Reprieve

On Wednesday, my mom left for six weeks and it feels lighter, as if everyone can take a deep breath. I feel awful saying that, but there it is. When she’s there, every moment sits on the edge of a knife. Is what’s happening true? Is it explosive? Am I saying the right thing? What, exactly, IS the right thing? I spent most of my teenage years slipping off the edge and crashing around on the eggshells below. As an adult, I think I’ve got it in hand but living together certainly makes it clear that I pretty well don’t have it in hand. This is not her fault, but it’s evidence of what brain chemistry can do to a family.

I’m taking a meditation class and I’m grateful that I’m able to find that place in my mind where I can just breathe and each moment is just what it is without judgement. Living with my mom is the opposite of that. Every statement could play out a dozen ways in an instant. I never know what (or who) to expect. I’m going to cook dinner could mean a great number of those things, most of which do not result in dinner. It’s hard to let go of anything as a result and that, in itself, antagonizes her. My having an opinion antagonizes her*.

While this is frustrating, it’s not impossible, at least not until you realize that belligerent stampeding has shifted into every part of your life. Even after two months, most of the dishes end up in the wrong cabinets. There is a persistent brown streak showing up on the back of the toilet seat that I clean every morning (if I didn’t, it would stay there indefinitely). The refrigerator and cupboards are bare while the amount of dirt accumulating in the house is stunning which, apparently, is the price we paid for being away over the weekend and not doing all the housework and grocery shopping.

I feel ungrateful and horrible but unbelievably, that’s better than rocking the boat. By the way, my mother has stated that they are planning to stay until June. I’m not sure if that was to get a rise out of me or truth. There’s no way to know for sure that doesn’t involve some sort of slamming door.

 

 

*For instance, she said I could sew curtains for the basement windows. I said that would be nice. She said they need to be blackout curtains and that the only place you can buy blackout fabric is from a place in Evanston, Illinois. I allowed as to how that didn’t seem right – maybe we could call our local shop? She huffed. She insisted that it wasn’t the right kind of fabric. With some prodding, she did check the local store and they carried it. She said she would use our existing curtains. While I wasn’t keen on that, it seemed like less work than trekking through a crocodile filled pit of opinions. She brought home sparkly tan velour and the blackout fabric. I wasn’t able to cover my concern about the velour in time and so she didn’t speak to me until the next day. She did sew the curtains but did not actually attach the blackout fabric to the curtain so it was less sewed and more hung. Have we talked about my feelings surrounding “done right” and “done enough”? I recall saying to her that it was fine if she made curtains but that I did not want them to cover the glass when pulled to the sides. I like light, I said. Please don’t limit the light coming into the basement. She said, of course! The curtains obscure half the window. Your father didn’t want to hang the rods out further, she says, as if I’ve made an unreasonable request in my own home. I want to velcro the curtain to your door, she says over dinner. I balk. This goes on. It’s awful.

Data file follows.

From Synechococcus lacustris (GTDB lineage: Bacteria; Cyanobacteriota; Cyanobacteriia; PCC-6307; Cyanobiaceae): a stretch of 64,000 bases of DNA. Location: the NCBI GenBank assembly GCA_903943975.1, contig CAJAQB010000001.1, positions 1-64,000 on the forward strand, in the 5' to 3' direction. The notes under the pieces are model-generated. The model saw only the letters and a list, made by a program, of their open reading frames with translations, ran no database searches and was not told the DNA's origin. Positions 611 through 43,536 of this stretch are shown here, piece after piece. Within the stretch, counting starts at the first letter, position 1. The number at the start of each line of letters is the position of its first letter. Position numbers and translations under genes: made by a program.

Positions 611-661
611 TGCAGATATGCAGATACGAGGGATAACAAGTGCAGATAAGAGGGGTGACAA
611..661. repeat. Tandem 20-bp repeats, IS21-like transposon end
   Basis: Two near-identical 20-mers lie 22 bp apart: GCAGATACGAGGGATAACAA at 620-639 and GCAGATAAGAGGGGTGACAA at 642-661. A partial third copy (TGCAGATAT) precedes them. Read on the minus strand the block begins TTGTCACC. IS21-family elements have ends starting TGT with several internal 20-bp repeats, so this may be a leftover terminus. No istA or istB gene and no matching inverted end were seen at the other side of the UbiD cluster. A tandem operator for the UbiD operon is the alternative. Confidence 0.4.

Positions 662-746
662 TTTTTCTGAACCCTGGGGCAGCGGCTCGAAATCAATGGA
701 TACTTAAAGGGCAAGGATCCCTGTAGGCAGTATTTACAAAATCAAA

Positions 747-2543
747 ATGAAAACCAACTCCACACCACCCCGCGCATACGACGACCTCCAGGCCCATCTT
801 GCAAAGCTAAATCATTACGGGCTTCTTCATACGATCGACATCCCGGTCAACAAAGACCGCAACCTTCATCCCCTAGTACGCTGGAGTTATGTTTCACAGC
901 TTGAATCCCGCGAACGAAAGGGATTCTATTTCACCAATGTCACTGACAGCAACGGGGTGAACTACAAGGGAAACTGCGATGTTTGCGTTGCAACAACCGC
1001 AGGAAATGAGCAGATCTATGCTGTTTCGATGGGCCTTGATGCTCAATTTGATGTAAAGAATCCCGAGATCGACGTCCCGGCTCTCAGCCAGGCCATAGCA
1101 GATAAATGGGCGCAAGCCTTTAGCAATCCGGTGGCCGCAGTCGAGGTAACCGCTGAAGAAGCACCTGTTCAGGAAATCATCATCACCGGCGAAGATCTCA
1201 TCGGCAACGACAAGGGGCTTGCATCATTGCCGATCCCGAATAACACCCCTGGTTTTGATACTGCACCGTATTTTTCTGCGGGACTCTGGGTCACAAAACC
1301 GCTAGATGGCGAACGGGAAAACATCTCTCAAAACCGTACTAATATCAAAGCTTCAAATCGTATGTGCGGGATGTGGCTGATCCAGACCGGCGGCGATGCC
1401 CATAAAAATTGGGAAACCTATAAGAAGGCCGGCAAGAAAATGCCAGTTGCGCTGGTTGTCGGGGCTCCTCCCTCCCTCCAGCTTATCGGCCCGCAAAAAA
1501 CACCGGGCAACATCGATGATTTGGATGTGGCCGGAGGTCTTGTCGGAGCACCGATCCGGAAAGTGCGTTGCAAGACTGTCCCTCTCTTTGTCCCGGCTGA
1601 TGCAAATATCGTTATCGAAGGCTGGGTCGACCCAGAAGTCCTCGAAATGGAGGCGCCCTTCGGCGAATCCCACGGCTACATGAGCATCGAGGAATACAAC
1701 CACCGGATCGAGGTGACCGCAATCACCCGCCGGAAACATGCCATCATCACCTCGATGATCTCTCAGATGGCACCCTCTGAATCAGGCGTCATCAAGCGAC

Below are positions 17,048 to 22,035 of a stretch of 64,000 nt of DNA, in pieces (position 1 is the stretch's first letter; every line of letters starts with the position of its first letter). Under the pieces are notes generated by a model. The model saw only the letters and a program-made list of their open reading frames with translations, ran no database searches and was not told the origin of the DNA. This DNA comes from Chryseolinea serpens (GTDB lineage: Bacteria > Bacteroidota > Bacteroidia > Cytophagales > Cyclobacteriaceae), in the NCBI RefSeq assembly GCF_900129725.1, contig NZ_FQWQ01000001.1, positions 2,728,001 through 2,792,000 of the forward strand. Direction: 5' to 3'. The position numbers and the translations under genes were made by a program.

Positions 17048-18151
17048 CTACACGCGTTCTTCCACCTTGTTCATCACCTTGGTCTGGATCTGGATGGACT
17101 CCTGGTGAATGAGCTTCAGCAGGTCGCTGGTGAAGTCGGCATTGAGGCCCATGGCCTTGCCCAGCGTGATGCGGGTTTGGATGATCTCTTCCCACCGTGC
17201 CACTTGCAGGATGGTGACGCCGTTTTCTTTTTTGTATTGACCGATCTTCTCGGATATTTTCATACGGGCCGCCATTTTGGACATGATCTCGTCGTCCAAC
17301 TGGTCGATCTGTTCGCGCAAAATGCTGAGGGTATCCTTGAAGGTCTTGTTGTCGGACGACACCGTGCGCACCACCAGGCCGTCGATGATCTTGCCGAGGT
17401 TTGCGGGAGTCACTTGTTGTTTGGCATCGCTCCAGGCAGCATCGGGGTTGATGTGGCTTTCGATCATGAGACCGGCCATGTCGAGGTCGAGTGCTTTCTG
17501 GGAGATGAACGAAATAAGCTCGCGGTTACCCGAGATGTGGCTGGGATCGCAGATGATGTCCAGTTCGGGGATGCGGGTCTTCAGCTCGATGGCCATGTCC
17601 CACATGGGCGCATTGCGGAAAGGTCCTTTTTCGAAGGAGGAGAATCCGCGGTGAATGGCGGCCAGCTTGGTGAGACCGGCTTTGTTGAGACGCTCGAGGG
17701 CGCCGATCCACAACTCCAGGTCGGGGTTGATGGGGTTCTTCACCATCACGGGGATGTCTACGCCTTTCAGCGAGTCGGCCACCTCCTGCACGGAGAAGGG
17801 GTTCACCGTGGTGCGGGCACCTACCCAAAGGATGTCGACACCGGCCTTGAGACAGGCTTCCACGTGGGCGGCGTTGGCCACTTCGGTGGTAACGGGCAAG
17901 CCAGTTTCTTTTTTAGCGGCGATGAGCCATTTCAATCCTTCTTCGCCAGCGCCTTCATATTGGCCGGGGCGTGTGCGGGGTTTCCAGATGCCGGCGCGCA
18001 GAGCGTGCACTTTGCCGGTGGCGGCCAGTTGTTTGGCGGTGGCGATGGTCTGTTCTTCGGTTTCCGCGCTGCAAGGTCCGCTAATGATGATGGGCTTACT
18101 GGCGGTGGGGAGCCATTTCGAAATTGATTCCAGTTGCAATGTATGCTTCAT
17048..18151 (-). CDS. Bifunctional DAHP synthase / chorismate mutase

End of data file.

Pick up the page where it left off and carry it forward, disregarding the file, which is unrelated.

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8 Responses

  1. Would it be possible to temporarily rent a small place for your parents to stay that is not your house? I imagine it would be very tight financially, but this seems awful. I wish you peace.

    • Thanks Zach – I think that’s what reasonable folks might do. The fact that they actually have a house they could move in to is the kicker. I’m as understanding as the next person and I know they don’t have much in the way of furniture so I’ve been patient. But you’re right, it’s hard.

      • Wait, they can move in? I thought their house needed renovations or something. Obviously I’m just some stranger on the internet, but my unasked-for advice is to try again to set limits with your mom because she is walking all over all of your existing boundaries. And those limits can and maybe should include a deadline after which she absolutely has to be out of your house.

      • I KNOW. And hey, strangers on the internet are the best sort of strangers ;). You’re right on this one. Maybe Debra and I will find a solution with my dad before my mom comes back.

      • Maybe YOU should move into the house! Is it a nice house? Do you really need furniture?

  2. What Lemon Drop said. Who needs furniture?

  3. I am in awe of your ability to deal with all this and still function. I think it’s entirely possible that in your shoes, I would produce a tent and insist that one set of us or the other start living in the back yard.

    June, really? Because they need… more furniture? Am I getting that right? Because I’m pretty sure my folks could lend you some folding chairs and an air mattress if that’s what’s standing between them and moving out. (Or a tent… Just saying.)

    Mostly, I’m just indignant on your behalf, and I realize that’s not actually very helpful. Big hugs, though.

  4. Ugh. This sounds so stressful. You three are very brave to not punch anyone.

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